In what's become a tradition in its own right, gamblers have a broad range of peculiar bets to choose from that are tied to the events of the Super Bowl. They can wager on everything from whether Denver Broncos quarterback Peyton Manning will cry during the broadcast to whether there will be an earthquake during the big game, which will be played at Levi's Stadium in Santa Clara, California. Some additional prop bets for 2016 are:
• What color will Beyoncé's footwear be when she comes on stage for the halftime show?
-Black (+150), Gold/Brown (+250), White (+275), Silver/Grey (+475), any other color (+700)
• How many times will the Golden Gate Bridge be shown during the broadcast?
-Over 0.5 (-400), Under 0.5 (+250)
• Will Peyton Manning announce his retirement in the postgame interview?
-Yes (+500), No (-1000)
• How many wings will Buffalo Wild Wings sell on Super Bowl Sunday?
-Over 12 million (-120), Under 12 million (-120)
As anyone who has ever watched the Super Bowl already knows, the entire game may not be thrilling enough to hold your attention, but an assortment of prop bets can ensure that excitement and intrigue will remain throughout the day.
5The halftime show that coined the term “wardrobe malfunction”
The last time the Carolina Panthers duked it out at the Super Bowl, the team's loss against the New England Patriots was overshadowed by "Nipplegate."
While there's not likely to be another controversial moment like it (Super Bowl 50's halftime performers are Coldplay and Beyoncé), Janet Jackson set off a firestorm in 2004 when her right breast was bared during her nationally televised halftime show with Justin Timberlake.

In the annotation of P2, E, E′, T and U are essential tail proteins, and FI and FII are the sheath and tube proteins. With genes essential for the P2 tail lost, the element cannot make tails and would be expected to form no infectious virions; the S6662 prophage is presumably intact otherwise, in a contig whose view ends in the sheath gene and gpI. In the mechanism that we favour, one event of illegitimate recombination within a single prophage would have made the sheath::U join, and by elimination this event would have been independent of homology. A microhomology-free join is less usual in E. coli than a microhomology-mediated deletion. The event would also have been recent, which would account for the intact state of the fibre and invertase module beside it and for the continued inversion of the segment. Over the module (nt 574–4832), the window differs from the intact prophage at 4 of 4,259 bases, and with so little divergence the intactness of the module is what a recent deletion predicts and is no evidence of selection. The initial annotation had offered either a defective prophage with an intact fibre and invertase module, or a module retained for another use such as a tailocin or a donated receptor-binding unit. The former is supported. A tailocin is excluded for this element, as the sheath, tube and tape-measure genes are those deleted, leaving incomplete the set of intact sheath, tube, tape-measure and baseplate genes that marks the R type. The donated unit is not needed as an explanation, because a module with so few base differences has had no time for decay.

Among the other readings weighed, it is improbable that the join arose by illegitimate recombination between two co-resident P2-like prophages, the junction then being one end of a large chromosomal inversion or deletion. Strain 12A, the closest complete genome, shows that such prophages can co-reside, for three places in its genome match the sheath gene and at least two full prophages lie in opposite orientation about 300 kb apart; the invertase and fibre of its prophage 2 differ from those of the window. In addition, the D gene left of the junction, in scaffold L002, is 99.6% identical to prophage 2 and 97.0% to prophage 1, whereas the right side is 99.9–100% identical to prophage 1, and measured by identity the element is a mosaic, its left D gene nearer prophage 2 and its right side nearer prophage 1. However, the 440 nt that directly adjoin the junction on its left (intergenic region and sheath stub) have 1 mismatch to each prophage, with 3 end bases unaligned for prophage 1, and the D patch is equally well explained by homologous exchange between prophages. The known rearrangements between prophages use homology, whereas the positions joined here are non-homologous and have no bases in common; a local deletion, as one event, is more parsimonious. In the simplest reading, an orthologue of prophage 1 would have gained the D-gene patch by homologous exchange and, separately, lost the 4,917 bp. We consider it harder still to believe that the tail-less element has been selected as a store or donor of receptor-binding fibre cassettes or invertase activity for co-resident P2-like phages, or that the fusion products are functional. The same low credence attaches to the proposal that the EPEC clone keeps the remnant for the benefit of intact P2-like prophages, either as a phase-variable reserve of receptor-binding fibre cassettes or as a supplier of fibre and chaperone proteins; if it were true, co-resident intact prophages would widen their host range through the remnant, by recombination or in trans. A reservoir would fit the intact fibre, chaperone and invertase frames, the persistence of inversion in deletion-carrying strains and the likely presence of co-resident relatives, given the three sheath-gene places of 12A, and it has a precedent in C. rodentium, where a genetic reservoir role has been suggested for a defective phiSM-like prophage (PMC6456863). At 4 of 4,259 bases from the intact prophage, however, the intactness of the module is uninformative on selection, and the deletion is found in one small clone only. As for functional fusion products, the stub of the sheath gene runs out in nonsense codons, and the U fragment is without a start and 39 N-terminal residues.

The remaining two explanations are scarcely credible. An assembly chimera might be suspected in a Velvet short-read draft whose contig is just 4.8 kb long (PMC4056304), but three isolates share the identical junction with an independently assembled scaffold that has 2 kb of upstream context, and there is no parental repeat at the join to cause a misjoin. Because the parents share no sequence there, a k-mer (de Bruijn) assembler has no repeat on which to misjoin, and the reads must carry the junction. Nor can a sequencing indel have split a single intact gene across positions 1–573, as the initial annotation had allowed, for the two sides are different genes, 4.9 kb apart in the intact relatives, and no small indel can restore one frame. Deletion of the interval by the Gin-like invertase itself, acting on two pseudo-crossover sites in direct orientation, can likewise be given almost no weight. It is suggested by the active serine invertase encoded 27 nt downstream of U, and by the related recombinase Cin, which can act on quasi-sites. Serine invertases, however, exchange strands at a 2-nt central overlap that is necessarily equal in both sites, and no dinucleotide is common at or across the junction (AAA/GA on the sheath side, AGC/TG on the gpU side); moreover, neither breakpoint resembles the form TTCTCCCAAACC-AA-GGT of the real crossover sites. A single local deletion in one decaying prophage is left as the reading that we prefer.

Timberlake's "Rock Your Body" ended with the heartthrob ripping off the leather cup that covered Jackson's breast as he sang, "Gotta have you naked by the end of this song." He later apologized, blaming the televised peep show on a "wardrobe malfunction."
The split-second exposure, witnessed by up to 100 million viewers, revealed what appeared to be a sun-shaped metal ring atop the then 37-year-old entertainer's nipple.
The incident prompted merciless action from the FCC (Federal Communications Commission), who demanded a $550,000 fine from CBS and new measures to prevent future broadcasts of indecent moments. In a 2012 ruling, the U.S. Supreme Court prevented the FCC from collecting the hefty fine, but CBS already revamped its broadcast delays to prevent unscripted human moments during live events. The spooked network slapped future broadcasts with an unprecedented five-minute delay — the new normal for live shows.
6A match even more adorable than the Puppy Bowl
Yeah, we know the Puppy Bowl is all kinds of cute, but for something a bit more adorable, you may want to check out the Otter Bowl.
This Sunday, the Aquarium of the Pacific (Long Beach, California) will be hosting their second annual Otter Bowl. The aquarium's resident sea otters will be tossing the old pigskin around and vying for the coveted MVP trophy. If you are in the area, the event kicks off at 4 pm in the Northern Pacific Gallery. There'll be an aquarium docent giving the play-by-play and dropping many cool facts about sea otters. Check out some of the highlights from last year's game: